Peter Wurmsdobler

What’s the most satisfying part of being a content creator?

The satisfying part is perhaps two-fold: for one, being content about having articulated an issue reasonably well as well as improving my own understanding of the matter through research, discussions and thinking, and second, positive feedback received upon sharing.

What are you up to currently and what are your long-term career goals?

In my professional capacity, I am contributing to the technological foundations for autonomous vehicles at Five, UK, both to improve road safety and enable shared mobility. That already consumes a large portion of my time.

Outside employment, and apart from family and home improvement, I am working on various technical and non-technical articles. Finally, as far as long-term career goals are concerned, I would like to continue contributing to an advance in various areas to my best abilities.

What drives you to create content regularly?

Personal or other issues, societal, political or economical, that bother me and I would like to gain an understanding for, do some research and share my findings; on some aspects I am driven by a desire to change and influence.

What’s the most challenging part of being a content creator?

Getting my facts right and trying to create something which is more than just an opinion, but  without becoming a piece of scientific work, i.e. find a balance between something engaging but still founded and correct.

How do you make sure that you aren’t affected by nasty comments and negative things said about you?

First, I try to be balanced and not promote extreme views in any way thus limiting the likelihood to receive nasty comments in the first place; if I did receive some negative criticism, I would try to understand why that is and address it.

If comments were perceived to be unfair, or more of the nature of an opinion, then I would simply detach.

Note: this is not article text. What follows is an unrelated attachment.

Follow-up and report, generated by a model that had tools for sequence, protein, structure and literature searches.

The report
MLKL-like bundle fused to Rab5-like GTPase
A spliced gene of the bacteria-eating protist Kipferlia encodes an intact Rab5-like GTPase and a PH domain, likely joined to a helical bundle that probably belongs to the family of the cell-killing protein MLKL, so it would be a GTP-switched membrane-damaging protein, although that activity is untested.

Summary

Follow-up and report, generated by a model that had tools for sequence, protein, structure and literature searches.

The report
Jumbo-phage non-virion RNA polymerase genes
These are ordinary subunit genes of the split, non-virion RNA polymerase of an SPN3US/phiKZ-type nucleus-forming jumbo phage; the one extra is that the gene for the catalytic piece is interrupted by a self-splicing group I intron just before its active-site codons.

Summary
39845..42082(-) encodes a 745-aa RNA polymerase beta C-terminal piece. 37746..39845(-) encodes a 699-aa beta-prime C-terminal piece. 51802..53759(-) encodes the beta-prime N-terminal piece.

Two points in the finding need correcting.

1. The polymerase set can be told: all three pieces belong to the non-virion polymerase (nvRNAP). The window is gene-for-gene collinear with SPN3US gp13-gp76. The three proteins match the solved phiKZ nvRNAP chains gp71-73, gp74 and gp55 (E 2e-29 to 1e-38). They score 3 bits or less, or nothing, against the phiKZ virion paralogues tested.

Peter Wurmsdobler

Anything else you would like our audience to know about you!

My main areas of interest, both through reading and writing are: renewable energy as the sole basis to sustainably maintain our civilisation; mobility solutions with a more holistic approach; and regenerative agriculture as one way to feed the world long term. 

How would you want people to remember you

On a personal level, as somebody reliable, principled, considerate as well as pleasant, funny, and even naughty at times; with respect to my legacy, hopefully as somebody who contributed in a positive way to family, society and even to the world.

What's success for you and when you would consider yourself to be successful?

It all depends really on your value system which is influenced by your upbringing as well as your peers, and those, in turn, may be determined by the alignment of their value systems to yours. The easiest and most common view of success is based on status and accumulated material wealth. For me there are two aspects to success.

First, perhaps paraphrasing a section of the song “Breathe” by Pink Floyd on “The Dark Side of the Moon”: “And all your touch and all you see Is all your life will ever be“.

In that sense, success would be correlated to experiencing life to the full, not in a hedonistic manner, but to understand and appreciate as much as possible, with your mind and all your senses: intellectual wealth.

However, there is a catch: once you disappear, all of your accumulated experience is likely to vanish, too. Therefore there is a second, more important aspect: some notion on how much you contributed to maintaining, if not improving, what allowed you to gain your own experience, such that those coming after you will be able to do the same, or even more so, and so on.

There are many forms of contribution, for instance, passing on knowledge, caring for other people, helping in building a more sustainable civilization. Material wealth may be an enabler but remains a means to an end. Success is then perhaps the degree of utilization of received assets (material and immaterial) for the maintenance, continuation and improvement of life on Earth. The more one has received, then higher the bar.

To every individual who’s planning to start out as a content creator, what would you like to advise them?

Do your homework and research, then try to project yourself talking to your target audience when you are writing, i.e. virtually engaging with them as if they were in the room; as a result produce something structured, consistent and comprehensible.

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Tealfeed Spotlight

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Peter Wurmsdobler

Few maintain consistency, few remain unique, and fewer are the ones who do both of these right, and earn a spot in Tealfeed Spotlight.